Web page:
The wage gap continues to be a hot topic as Colorado-based Vail Resorts plans to bump its employees' minimum pay to $10 beginning Sept. 26.
According to the Denver Post, the resort operator has properties in eight states, and employees across all of these locations will receive pay increases, varying from $1 over the minimum wage in California to $2.75 over the minimum in Utah, Wisconsin and Wyoming. Additionally, the company will be basing these increases on inflation, reacting to state legislation should they raise the minimum wage above $10.
"We are taking this step because it is incumbent on us to do the right thing for our employees as well as remain competitive as an employer," Rob Katz, CEO of Vail Resorts, told the Denver Post.
Vail is not the first employer to buck the trend and increase its employee minimum wage above the national average, and is also not the first hotel operator to do so recently. In March the Portland Hilton Hotel and Executive Tower in Portland, Ore., signed a three-year contract to raise wages to $15.20 an hour by July 31, 2017. This deal comes with the removal of a proposal to schedule workers in shorter shifts, requiring eight-hour shifts.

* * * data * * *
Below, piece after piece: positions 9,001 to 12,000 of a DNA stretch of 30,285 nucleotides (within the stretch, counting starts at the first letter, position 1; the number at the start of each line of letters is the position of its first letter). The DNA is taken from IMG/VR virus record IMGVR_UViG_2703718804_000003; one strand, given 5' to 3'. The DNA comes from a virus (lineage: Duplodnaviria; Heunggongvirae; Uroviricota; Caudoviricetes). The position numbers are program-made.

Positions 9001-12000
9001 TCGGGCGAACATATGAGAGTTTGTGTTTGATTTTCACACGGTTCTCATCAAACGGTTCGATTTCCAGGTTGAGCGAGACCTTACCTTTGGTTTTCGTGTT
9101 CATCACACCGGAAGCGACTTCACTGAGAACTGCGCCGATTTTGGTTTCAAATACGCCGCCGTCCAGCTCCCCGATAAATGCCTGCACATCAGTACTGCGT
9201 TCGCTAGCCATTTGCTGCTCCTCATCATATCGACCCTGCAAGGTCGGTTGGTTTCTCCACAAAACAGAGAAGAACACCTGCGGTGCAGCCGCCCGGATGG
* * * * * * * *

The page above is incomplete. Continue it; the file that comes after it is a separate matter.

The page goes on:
This increase is in line with Los Angeles' proposed $15.37 per hour minimum wage scheduled to begin increasing this year, an initiative currently under fire by the American Hotel & Lodging Association and the Asian American Hotel Owners Association. Both organizations have sued the city of Los Angeles, claiming it ignores federal labor law.
At the same time, while companies are offering increases they may not be enough. Case in point, The Park Record reported that Vail Resorts' wage initiative in Park City, Utah, still places employee pay below the town's average minimum wage. The Park Record cited new restaurants, hotels and retail stores offering employees starting wages in the range of $11 to $12.50 an hour, stating that while the increase may not be high it is a step in the right direction.